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Finger lime silver sour: gin, macadamia liqueur cocktail

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  • finger lime silver sour centred
  • finger lime silver sour from above with nasturtium leaf
  • finger lime silver sour to left
  • finger lime silver sour from above with finger lime caviar on nasturtium leaf
finger lime silver sour cocktail with finger lime caviar and nasturtium leaf garnish

Finger lime silver sour is a seasonal Australian twist on vintage silver sour recipes using Australian finger limes, lime juice, Tasmanian oaked gin with pepper berries, macadamia and wattleseed liqueur, Tasmanian Leatherwood honey, bitters and real free range organic eggwhite garnished with finger lime caviar on a nasturtium leaf and drops of bitters. This is a refreshing and luxurious creamy sour dessert cocktail that is visually beautiful – evoking whimsical underwater worlds and green gardens with shining green and red finger lime caviar nestled in a nasturtium leaf and floating on the surface of the eggwhite foam. The glassware for the finger lime silver sour is a vintage brandy snifter with a black twisted stem – the wide narrow mouthed glass encapsulates the lime aroma of the finger limes intensifying the transformative properties of uplifting lime fragrance. The fish-bowl like contour of the brandy glass gestures towards the textural connection we find between finger lime caviar and underwater caviar – creating a fantastic underwater garden world in a glass.

What is a Silver Sour? Fancy Sour with Eggwhite

A Silver Sour is a fancy style of vintage 1880’s Sour that calls for eggwhite creating additional texture and creaminess along with sugar, water, citrus, and gin. In developing this finger lime silver sour recipe, I have referred to the Silver Sour formula of McDonough in McDonough’s Bar-Keeper’s guide and gentleman’s Side-Board companion (McDonough 1883: 44). For more on the history of the Silver Sour and Sours more generally see my post on Honey rhubarb silver sour.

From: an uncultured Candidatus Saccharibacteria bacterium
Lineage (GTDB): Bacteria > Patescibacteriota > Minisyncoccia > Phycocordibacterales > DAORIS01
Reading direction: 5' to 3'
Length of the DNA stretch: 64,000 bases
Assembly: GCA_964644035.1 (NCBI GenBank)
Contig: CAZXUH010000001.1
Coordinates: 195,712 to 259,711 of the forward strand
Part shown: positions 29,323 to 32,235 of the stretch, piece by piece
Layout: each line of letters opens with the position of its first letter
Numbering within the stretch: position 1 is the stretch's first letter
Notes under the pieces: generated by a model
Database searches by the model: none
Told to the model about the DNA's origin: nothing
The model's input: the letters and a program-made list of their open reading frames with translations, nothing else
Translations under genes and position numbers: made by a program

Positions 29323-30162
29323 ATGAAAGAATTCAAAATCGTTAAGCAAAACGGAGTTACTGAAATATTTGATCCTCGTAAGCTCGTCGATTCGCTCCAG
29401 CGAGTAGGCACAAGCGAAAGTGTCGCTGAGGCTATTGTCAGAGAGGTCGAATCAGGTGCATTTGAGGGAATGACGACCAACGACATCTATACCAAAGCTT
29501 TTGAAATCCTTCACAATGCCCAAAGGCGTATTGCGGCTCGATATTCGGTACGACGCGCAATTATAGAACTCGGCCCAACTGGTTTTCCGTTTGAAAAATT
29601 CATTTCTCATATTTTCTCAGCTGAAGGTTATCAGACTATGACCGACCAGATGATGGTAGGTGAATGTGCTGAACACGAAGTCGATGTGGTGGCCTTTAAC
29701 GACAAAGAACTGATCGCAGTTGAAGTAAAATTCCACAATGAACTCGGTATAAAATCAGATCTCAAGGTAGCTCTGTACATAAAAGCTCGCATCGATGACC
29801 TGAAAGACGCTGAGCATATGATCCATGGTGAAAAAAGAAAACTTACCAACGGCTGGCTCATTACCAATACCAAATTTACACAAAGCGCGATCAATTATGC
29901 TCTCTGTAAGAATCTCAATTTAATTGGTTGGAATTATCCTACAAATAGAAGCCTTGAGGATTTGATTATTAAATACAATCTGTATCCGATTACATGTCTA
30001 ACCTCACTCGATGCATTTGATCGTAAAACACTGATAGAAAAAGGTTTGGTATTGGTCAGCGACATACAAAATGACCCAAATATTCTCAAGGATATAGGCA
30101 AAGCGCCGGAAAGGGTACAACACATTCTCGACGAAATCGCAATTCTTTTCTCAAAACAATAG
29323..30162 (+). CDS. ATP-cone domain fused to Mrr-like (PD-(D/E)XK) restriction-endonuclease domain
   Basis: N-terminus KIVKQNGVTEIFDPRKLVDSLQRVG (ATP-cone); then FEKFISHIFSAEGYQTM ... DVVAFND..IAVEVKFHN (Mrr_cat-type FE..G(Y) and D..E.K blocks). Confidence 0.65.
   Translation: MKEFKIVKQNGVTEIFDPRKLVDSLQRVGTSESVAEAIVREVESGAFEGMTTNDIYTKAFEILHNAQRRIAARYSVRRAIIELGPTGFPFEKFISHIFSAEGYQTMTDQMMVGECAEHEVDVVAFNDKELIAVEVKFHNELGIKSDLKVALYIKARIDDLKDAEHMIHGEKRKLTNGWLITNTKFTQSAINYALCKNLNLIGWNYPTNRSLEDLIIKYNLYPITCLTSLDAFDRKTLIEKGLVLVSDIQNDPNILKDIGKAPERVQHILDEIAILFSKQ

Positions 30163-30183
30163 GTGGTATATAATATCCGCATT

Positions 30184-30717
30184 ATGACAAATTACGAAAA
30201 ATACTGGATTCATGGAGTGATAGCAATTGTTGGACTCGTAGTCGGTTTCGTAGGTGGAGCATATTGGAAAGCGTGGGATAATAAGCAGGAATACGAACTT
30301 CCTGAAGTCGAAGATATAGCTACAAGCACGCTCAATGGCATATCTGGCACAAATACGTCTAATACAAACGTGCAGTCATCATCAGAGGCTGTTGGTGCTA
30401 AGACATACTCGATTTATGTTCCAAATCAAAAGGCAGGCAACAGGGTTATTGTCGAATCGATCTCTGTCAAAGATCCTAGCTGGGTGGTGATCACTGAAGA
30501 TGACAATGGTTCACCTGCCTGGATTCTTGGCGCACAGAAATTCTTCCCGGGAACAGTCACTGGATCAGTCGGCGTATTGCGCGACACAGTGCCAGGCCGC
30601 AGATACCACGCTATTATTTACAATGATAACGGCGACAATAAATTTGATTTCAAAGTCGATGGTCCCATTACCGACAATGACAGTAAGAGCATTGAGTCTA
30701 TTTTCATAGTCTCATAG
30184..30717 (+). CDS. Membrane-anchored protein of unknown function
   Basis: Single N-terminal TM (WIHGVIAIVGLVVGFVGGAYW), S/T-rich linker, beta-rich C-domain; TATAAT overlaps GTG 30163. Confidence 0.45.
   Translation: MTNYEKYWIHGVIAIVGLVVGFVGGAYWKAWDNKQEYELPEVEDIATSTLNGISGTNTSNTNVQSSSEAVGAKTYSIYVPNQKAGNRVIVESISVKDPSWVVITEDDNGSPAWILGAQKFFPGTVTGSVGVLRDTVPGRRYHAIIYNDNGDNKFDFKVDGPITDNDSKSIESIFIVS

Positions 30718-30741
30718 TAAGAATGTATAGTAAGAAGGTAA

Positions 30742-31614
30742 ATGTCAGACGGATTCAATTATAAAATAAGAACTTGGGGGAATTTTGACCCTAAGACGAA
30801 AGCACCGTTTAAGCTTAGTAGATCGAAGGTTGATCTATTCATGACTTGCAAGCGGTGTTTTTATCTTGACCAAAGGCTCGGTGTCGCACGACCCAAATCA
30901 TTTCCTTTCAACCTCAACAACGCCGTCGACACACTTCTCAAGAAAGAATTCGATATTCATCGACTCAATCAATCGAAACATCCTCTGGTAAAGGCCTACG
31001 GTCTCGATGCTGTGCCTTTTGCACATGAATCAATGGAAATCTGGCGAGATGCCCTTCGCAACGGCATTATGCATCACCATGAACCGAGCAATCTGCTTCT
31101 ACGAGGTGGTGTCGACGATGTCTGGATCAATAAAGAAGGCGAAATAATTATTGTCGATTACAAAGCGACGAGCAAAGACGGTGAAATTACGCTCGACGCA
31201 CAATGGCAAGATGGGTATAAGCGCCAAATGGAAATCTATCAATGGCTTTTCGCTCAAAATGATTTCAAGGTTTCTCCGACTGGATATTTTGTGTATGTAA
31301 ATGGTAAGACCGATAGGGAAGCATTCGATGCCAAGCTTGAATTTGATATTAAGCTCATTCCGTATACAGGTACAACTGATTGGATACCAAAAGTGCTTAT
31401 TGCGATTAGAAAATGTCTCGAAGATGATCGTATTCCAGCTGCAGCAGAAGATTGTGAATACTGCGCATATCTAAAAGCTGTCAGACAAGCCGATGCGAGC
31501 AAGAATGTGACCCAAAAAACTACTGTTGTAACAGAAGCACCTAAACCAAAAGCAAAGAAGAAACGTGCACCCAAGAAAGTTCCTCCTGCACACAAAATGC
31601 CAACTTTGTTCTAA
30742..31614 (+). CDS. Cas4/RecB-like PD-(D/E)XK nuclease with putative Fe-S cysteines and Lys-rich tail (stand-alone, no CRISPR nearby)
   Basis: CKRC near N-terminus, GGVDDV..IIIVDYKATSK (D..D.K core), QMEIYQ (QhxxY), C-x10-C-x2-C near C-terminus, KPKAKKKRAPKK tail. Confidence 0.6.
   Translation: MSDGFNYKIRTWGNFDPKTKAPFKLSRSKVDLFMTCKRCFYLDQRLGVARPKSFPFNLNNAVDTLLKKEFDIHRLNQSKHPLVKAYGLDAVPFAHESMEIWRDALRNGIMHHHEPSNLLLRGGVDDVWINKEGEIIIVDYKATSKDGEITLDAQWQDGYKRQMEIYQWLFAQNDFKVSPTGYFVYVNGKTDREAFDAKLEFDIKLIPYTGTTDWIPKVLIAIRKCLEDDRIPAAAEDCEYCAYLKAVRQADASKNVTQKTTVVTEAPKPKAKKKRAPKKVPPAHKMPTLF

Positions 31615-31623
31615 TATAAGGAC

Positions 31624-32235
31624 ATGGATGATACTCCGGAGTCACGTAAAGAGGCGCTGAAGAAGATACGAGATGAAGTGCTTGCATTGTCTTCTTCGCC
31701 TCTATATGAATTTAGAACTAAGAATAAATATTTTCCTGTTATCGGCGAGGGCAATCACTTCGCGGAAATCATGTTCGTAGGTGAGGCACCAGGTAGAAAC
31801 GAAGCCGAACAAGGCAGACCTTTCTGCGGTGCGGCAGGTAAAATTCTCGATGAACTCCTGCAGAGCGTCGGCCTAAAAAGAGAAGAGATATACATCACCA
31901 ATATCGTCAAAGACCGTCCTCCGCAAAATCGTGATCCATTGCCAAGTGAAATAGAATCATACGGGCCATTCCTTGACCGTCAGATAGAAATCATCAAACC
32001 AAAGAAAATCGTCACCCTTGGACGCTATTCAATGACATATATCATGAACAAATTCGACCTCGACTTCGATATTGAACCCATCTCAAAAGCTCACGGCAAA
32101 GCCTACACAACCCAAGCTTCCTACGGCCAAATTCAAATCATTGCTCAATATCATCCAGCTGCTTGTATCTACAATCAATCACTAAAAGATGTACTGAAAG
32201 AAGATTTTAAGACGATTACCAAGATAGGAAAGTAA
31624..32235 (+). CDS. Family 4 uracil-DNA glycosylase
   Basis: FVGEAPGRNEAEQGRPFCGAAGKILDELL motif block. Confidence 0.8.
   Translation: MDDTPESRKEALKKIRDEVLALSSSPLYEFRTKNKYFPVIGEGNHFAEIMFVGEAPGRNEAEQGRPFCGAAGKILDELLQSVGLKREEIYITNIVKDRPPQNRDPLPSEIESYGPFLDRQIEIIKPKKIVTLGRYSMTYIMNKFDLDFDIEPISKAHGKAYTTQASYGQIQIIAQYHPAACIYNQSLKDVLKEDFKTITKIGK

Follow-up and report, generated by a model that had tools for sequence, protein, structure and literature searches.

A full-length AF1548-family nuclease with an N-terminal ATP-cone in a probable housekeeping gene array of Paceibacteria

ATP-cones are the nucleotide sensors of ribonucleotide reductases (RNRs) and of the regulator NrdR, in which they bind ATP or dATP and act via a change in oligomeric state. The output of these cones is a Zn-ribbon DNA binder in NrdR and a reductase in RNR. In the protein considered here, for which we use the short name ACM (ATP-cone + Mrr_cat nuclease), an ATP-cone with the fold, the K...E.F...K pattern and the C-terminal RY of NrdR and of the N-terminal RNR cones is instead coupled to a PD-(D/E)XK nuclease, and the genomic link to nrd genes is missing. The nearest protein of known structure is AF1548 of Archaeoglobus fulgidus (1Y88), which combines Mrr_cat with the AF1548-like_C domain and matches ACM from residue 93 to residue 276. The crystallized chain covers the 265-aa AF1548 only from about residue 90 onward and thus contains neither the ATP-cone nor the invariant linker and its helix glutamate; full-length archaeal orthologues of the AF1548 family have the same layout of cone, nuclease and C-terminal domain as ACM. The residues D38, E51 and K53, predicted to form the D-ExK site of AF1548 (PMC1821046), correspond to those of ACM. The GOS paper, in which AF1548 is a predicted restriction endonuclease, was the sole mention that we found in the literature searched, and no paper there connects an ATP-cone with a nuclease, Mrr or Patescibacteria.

How to make a Silver Sour: Shake & Strain

The ingredients for a Silver Sour – ice, sugar, water, citrus, eggwhite, gin – are shaken and strained into a small bar glass, McDonough in McDonough’s Bar-Keeper’s guide and gentleman’s Side-Board companion (1883: 44) writes in his recipe “279. Silver Sour.”:

“Fill large bar glass one-third full of cracked ice, one table-spoon of powdered sugar, one-half wine-glass of water, five or six dashes of lime or lemon juice, the white of an egg,  one wine-glass of Gin ; [sic.] shake, and strain in small bar glass.”

In interpreting measurements and method for the Silver Sour, I have referred to David Wondrich (2015: 115-119) in Imbibe where he offers his helpful notes on ingredients and execution for the Sour formula. McDonough’s (1883: 44) recipe uses sugar and water – Wondrich (2015: 118) helpfully advises mix these ingredients together with the citrus first to dissolve them – but in later 1880’s fancier versions of the Sour recipe a lesser measure of 1 teaspoon of sugar syrup was used. The Gin is the standard 2 shots. McDonough’s (1883: 44) recipe uses 5 or 6 dashes of citrus, while Wondrich (2015: 115-119) helpfully advises the more precise measurement of ½ a shot of citrus, citing the root Brandy Sour recipe from The Steward and Barkeeper’s Manual (Haney 1869: 28).

How is the finger lime silver sour different?

The finger lime silver sour offers a seasonal Australian twist on the vintage fancy silver sour recipe using indigenous Australian finger limes paired with Tasmanian oaked gin with pepper berries, Australian macadamia liqueur with wattleseed, fresh lime juice, Leatherwood honey syrup, organic eggwhite and bitters. The finger lime silver sour takes the fanciness of vintage sours to another level adding a beautiful and whimsical finger lime caviar and nasturtium leaf garnish to a fish bowl like vintage brandy snifter glass in which the green and red jewel like finger lime caviar float on the eggwhite foam with drops of aromatic bitters. The finger lime silver sour is an exploration of finger lime aroma and flavour that evokes a beautiful underwater world.